Proposed housing development for Somali families under state investigation

Proposed housing development for Somali families under state investigation

Proposed housing development for Somali families under state investigation

The Minnesota Attorney General’s Office is investigating a proposed housing development in Lakeville that has already collected more than $1 million from customers and is under suspicion that it “may have and may be engaging in deceptive sales practices.”

The AGO is now asking a judge to force Nolosha Development to provide more information about its long-delayed plans to build 160 homes for Somali-Americans on 40 acres of land in Lakeville, according to a new court filing obtained by 5 INVESTIGATES late Thursday.

“Despite representing to customers that their reserved homes would be “move-in ready” in November 2023, the reality of the development project is bleak,” wrote Mark Iris, Assistant Attorney General.

Nolosha and its owner, Abdiwali Abdullahi, deny violating any laws and call the allegations of state investigators “baseless.”

“The motion is without merit and is based upon misinformation being spread by a disgruntled former intern, as well as competitors of Nolosha,” Abdullahi wrote in a statement to 5 INVESTIGATES. 

Feeding our Future complications

The AGO’s motion notes that the same land Nolosha is trying to develop is also tied up in legal action connected to the federal government’s unrelated fraud investigation of the nonprofit Feeding Our Future. 

In court records, federal investigators accuse several defendants of once using money from the fraud to purchase the property which is now under different ownership.

Nolosha provided 5 INVESTIGATES with email records showing that it has been in contact with the U.S. Attorney’s Office about releasing the property, but state investigators say “numerous hurdles” still stand in the way of Nolosha completing the purchase of the land.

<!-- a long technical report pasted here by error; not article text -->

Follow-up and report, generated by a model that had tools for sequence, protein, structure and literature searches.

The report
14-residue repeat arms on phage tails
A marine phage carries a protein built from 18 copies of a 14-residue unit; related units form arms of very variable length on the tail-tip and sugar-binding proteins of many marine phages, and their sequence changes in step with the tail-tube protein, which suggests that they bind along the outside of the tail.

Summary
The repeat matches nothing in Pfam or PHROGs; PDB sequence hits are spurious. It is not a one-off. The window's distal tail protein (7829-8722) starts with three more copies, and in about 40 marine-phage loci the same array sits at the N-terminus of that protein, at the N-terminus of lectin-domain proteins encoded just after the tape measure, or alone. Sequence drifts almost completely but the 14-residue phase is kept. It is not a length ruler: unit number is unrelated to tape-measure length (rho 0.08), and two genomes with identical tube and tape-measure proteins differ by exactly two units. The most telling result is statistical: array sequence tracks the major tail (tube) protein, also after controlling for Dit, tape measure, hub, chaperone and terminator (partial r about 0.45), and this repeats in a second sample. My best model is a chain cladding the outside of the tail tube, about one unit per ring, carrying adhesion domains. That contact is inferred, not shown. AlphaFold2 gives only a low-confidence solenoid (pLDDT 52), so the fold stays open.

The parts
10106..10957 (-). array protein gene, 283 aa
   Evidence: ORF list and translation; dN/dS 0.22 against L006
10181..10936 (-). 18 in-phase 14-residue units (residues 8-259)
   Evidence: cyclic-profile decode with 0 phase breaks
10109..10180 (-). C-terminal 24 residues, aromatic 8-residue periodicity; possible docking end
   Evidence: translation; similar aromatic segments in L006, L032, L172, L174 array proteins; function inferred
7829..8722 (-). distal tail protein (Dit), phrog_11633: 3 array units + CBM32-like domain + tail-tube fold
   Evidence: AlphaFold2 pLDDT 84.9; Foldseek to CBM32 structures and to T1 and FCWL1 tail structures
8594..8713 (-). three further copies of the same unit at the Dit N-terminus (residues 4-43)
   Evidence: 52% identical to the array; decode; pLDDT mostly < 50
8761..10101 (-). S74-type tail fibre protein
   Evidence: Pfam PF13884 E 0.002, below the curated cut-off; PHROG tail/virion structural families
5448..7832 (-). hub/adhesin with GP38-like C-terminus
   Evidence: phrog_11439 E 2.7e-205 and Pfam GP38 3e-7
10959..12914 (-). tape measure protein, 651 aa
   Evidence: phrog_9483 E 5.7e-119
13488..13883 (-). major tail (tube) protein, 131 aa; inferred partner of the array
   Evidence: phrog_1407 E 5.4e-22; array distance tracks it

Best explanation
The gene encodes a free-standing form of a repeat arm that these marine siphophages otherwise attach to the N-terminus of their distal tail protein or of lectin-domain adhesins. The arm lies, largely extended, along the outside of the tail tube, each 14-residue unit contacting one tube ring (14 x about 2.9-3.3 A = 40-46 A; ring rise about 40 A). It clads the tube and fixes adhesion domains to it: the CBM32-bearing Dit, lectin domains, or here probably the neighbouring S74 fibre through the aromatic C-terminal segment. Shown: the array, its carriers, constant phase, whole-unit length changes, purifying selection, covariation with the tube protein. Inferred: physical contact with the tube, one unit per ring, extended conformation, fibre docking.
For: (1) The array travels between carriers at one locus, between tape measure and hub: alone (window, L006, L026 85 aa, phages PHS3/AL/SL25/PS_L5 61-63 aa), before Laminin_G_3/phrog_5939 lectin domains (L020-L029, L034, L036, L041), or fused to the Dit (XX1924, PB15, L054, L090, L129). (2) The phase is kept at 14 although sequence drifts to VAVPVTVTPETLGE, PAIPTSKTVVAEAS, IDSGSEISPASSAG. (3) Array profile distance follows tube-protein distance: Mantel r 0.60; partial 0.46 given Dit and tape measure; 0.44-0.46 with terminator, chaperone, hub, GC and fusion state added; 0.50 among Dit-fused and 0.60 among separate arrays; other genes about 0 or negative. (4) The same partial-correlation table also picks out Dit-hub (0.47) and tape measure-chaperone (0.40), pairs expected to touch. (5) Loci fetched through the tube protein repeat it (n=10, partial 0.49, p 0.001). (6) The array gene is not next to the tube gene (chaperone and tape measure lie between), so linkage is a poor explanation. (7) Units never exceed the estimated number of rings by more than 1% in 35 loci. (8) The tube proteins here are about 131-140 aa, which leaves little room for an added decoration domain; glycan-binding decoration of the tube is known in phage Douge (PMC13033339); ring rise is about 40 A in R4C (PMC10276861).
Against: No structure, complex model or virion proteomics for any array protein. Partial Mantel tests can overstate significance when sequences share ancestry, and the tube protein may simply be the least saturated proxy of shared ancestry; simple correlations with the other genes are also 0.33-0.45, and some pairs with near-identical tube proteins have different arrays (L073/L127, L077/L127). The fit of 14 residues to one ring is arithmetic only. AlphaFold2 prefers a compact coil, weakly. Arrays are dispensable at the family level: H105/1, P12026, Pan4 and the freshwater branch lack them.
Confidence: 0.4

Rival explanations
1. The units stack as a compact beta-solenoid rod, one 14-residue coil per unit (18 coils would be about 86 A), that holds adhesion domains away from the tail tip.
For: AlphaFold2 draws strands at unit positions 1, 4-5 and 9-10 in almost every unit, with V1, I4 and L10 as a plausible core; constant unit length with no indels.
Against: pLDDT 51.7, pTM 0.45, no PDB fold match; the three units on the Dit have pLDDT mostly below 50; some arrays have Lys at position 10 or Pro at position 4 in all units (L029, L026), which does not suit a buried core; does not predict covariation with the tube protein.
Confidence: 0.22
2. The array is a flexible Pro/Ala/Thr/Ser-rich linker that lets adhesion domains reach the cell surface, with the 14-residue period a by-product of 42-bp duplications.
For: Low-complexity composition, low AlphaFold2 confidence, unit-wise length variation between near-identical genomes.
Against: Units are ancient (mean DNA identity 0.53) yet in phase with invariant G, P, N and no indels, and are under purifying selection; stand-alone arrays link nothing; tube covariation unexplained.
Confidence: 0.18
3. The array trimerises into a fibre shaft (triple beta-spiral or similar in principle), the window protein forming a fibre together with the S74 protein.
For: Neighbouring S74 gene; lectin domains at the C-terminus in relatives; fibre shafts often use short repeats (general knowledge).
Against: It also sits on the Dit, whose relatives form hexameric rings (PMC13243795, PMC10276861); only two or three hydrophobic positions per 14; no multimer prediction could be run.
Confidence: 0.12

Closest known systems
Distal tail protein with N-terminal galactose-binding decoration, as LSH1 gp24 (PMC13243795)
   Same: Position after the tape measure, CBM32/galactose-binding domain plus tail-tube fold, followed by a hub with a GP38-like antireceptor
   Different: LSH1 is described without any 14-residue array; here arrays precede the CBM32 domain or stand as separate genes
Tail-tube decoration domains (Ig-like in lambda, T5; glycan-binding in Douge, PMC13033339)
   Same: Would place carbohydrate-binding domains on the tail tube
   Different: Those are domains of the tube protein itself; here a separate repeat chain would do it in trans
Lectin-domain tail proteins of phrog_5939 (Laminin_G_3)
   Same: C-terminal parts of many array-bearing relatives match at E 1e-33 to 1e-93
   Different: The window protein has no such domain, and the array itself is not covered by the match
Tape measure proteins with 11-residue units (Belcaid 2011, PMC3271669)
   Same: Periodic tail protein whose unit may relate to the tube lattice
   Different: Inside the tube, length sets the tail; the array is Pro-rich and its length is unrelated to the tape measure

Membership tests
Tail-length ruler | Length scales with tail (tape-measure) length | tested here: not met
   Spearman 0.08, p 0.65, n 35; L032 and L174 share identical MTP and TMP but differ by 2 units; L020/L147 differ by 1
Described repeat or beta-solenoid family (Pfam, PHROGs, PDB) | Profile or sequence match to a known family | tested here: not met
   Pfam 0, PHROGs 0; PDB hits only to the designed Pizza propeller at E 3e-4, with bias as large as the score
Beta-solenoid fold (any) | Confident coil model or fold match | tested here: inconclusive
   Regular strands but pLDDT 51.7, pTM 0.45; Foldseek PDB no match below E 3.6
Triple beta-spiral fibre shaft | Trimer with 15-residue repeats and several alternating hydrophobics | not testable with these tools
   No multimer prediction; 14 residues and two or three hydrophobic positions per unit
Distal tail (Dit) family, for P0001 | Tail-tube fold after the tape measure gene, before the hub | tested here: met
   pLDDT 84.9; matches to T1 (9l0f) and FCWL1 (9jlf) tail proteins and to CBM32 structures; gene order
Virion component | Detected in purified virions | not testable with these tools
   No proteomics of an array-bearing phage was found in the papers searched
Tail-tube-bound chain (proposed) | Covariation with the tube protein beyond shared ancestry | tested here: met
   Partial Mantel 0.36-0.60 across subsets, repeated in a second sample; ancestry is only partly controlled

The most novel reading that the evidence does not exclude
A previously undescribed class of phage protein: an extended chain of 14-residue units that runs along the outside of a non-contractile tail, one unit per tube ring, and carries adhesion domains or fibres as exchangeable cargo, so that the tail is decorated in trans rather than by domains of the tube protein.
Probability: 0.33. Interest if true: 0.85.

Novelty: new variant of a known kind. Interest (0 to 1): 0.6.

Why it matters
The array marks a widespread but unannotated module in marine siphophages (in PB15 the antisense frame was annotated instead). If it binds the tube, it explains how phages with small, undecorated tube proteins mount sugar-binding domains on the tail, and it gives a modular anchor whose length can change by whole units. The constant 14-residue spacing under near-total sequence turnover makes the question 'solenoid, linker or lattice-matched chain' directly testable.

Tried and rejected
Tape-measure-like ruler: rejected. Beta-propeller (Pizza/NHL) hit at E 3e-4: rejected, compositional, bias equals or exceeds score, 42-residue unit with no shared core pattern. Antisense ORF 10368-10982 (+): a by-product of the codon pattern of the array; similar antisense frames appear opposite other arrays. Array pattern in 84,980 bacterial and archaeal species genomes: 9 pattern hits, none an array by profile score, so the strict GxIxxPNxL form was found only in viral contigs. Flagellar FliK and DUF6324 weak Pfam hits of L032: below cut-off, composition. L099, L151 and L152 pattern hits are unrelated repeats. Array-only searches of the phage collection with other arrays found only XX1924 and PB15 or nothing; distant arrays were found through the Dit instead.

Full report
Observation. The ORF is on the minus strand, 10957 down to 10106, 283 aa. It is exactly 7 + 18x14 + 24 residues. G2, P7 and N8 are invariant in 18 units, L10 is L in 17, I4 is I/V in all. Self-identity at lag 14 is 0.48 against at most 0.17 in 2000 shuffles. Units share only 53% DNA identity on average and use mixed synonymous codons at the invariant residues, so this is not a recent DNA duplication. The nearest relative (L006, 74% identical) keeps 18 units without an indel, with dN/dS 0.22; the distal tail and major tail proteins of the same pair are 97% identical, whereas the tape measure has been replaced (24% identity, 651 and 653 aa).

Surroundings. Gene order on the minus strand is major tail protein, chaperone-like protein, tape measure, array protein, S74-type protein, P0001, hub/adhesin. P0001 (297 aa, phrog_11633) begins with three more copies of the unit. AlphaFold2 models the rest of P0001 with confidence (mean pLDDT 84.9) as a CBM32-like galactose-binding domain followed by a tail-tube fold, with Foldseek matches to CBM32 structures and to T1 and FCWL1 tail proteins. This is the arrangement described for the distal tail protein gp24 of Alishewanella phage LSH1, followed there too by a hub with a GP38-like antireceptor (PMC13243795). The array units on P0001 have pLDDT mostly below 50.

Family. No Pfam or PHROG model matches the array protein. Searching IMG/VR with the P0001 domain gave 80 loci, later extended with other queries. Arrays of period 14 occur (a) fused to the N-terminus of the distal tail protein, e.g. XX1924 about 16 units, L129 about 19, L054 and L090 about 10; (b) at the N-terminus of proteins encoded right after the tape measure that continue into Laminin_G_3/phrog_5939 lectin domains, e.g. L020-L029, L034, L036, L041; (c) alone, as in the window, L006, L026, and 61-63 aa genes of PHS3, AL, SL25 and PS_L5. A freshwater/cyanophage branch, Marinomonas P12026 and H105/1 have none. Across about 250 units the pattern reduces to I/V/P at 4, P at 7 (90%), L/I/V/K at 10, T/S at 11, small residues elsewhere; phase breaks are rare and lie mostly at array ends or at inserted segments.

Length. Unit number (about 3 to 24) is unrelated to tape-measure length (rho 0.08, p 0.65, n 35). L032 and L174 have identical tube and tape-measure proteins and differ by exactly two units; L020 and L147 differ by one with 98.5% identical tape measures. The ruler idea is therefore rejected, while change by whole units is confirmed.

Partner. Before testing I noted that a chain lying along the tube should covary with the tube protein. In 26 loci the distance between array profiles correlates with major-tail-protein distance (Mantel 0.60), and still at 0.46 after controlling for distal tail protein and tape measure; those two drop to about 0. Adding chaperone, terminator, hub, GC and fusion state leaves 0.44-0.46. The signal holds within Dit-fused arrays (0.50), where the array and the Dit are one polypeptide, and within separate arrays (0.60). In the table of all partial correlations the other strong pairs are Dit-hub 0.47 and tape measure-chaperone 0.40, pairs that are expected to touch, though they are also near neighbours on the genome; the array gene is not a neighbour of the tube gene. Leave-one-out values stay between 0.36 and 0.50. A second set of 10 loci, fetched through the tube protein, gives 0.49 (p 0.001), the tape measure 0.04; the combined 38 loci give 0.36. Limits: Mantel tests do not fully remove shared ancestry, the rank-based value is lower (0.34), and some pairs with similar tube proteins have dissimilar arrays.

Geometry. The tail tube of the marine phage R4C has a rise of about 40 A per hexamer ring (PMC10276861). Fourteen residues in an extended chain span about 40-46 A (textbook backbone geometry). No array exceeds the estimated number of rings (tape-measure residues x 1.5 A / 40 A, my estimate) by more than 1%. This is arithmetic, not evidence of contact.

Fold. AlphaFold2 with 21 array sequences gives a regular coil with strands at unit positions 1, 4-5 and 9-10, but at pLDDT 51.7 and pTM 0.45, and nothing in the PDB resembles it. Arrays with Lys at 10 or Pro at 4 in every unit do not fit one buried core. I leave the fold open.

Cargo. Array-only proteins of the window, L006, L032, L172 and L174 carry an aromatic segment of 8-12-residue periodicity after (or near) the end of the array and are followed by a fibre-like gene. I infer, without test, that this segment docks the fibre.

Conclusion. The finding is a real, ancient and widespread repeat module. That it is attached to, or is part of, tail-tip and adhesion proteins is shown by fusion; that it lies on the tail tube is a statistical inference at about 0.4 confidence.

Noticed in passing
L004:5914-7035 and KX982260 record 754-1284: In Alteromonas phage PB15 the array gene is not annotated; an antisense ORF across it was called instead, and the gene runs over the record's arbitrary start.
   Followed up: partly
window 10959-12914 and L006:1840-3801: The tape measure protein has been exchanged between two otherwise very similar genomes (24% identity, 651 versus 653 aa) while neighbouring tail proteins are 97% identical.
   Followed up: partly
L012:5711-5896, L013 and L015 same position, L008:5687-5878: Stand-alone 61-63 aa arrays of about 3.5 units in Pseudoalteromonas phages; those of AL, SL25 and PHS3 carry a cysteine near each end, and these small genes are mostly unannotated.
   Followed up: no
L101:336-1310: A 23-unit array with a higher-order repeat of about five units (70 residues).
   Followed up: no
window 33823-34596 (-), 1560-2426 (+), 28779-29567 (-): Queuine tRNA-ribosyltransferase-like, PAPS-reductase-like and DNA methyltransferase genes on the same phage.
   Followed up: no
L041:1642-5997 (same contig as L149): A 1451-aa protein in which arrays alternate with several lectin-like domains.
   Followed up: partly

“After signing his first contract with a customer in October 2022, Mr. Abdullahi has worked exceptionally hard to obtain over a million dollars from customers but has done almost nothing to make progress in developing Nolosha Lakeville,” the AGO wrote in its motion.

Refunds in question

State investigators say they are also looking into complaints of customers who say they were unable to get their money back as delays with the project dragged on. 

“Nolosha has modified its cancellation policy over time; initially customers were required to forfeit 10% of their $25,000 payment if they asked to cancel but at one point Mr. Abdullahi switched his 4 contractual terms so that he can keep 20% of their payment if they cancel for any reason,” the AGO wrote in its motion.

Abdullahi insists his customers remain committed to the project and that he has “1,400 families on our waiting list.”

He has not responded to questions about whether customers who want their money back now will get a full refund. 

“Nevertheless, we won’t let this distract us and will continue to focus on our work to build a united and thriving community,” Abdullahi said.

Nolosha has not said whether it plans to comply with the Attorney General’s demands for more information.